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A Research Overview

More work needed to keep cyclists safe- 1 October

October 7, 2015 0 Comments

Bus and cycle lanes may slightly reduce the risk of crashes between bicycles and motor vehicles, but they fail to adequately protect cyclists from the worst accident risk factors on our roads, new research shows. 

Lincoln University student Tom Williams recently completed a Master’s thesis that investigated how specific road characteristics contribute to where bicycle accidents occur.

The project involved using GIS modelling to identify where crashes were taking place in proportion to where people tended to cycle. This information was then combined with accident data from the NZ Transport Agency’s Crash Analysis System using a case-control methodology .

The research found that the risk of an accident significantly increased where there was more traffic. Intersections controlled by either roundabouts or the give way rules were also identified as dangerous locations for cyclists.

“Even though bus and cycle lanes do slightly reduce the likelihood of having an accident, the danger posed by high traffic volumes negates any benefits that these facilities have in areas with high traffic volumes,” Tom says.

He emphasises the importance of encouraging more people to ride bikes by minimising the risk of accidents.

“Cycling leads to better transport efficiency, as people riding bikes take up less space on the road compared to cars.

“It’s also better for people’s health because they’re burning fat rather than fuel, and it’s good for the environment, as riding a bike isn’t dependent on fossil fuels,” he says.

“However, until conditions are safer for cyclists, people will be reluctant to ride bikes.”

According to the Ministry of Transport, only 2 per cent of the New Zealand population cycles, but cycling accounts for 7 per cent of accidents on New Zealand roads.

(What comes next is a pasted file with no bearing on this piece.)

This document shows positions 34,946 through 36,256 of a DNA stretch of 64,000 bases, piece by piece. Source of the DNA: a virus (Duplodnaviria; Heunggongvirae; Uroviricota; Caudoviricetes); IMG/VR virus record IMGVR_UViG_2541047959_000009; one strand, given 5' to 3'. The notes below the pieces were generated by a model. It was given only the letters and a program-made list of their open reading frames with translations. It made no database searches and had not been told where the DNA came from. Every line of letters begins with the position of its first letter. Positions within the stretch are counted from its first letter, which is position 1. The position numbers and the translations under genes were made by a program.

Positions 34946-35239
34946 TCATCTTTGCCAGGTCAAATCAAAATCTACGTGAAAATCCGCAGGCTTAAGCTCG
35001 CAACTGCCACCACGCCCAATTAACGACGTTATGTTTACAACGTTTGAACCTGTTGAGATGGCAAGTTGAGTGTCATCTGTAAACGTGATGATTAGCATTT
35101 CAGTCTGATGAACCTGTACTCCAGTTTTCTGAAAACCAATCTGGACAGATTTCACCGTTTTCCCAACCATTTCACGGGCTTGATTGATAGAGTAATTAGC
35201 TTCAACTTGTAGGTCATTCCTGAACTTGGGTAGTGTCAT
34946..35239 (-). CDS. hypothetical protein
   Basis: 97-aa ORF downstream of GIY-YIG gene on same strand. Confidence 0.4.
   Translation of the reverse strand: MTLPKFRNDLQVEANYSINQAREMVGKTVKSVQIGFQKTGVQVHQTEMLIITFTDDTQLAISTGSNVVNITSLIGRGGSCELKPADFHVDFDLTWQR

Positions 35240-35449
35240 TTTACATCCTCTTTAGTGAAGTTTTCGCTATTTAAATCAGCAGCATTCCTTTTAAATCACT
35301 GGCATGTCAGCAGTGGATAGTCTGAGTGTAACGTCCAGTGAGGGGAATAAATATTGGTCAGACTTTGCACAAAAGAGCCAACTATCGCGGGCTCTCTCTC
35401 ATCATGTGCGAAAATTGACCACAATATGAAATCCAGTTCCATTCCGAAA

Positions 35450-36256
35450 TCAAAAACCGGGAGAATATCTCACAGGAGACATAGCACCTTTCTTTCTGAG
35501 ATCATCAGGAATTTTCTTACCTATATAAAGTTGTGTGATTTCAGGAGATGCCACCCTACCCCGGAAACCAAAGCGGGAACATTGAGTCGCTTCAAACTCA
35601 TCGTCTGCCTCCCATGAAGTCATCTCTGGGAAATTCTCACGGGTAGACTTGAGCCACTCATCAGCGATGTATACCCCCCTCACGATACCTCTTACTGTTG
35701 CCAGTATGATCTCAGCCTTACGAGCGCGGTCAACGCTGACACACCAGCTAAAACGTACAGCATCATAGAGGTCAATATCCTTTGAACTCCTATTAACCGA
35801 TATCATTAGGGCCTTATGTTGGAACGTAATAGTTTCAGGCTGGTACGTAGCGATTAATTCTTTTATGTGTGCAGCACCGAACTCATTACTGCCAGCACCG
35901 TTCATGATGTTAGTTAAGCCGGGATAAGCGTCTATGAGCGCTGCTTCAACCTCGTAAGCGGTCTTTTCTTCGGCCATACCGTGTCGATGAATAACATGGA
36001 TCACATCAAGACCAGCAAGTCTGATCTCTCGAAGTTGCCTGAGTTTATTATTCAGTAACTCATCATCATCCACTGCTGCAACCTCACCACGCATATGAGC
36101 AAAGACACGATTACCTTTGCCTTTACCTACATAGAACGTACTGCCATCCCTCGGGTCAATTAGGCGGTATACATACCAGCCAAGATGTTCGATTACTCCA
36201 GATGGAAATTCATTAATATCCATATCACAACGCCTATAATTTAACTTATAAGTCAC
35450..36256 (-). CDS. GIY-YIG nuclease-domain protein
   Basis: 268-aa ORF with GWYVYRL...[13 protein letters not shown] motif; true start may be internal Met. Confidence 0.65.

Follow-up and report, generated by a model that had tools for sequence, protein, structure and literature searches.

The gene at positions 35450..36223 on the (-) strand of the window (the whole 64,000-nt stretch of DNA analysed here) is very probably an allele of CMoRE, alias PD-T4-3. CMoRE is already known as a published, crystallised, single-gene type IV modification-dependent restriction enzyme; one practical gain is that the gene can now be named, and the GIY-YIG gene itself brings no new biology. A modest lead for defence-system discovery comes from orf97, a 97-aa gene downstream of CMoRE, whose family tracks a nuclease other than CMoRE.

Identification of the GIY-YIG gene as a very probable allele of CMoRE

“This is double the accident rate of motor vehicles,” Tom says.

He suggests that there needs to be more discussion about how we can protect cyclists at intersections and in locations with high traffic volumes.

“We need better road policies and more direction from central Government as to how we should be providing for people who choose to ride bikes,” he says.

“More consistent speed limits would be helpful, as a lot of different speed zones can be confusing.

“There also doesn’t seem to be enough of a regimented approach to accident prevention.

“Often, intersection improvements will occur after accidents happen, rather than better infrastructure being planned for to prevent accidents in the first place.”

Tom also suggests that intersections be modified to encourage drivers to be more attentive to cyclists.

“Street furniture can facilitate slower approach speeds, and perhaps some Give Way signs could be replaced with Stop signs.

“I think we also need to discuss whether Give Way rules are an effective way to control traffic at intersections.

“Given that you don’t have to stop at Give Way signs unless it’s absolutely necessary, perhaps this makes people speed through as quickly as possible, increasing accident risk.

“Ultimately, we need safety in numbers. When driving a car, the brain doesn’t register one or two cyclists on the road. However, research shows that as the number of people riding bicycles increases, drivers will become more attentive towards the presence and needs of people who ride bikes.

“For this to happen, we need to make conditions safer so more people will choose to ride a bike than take the car.” 

#Student work

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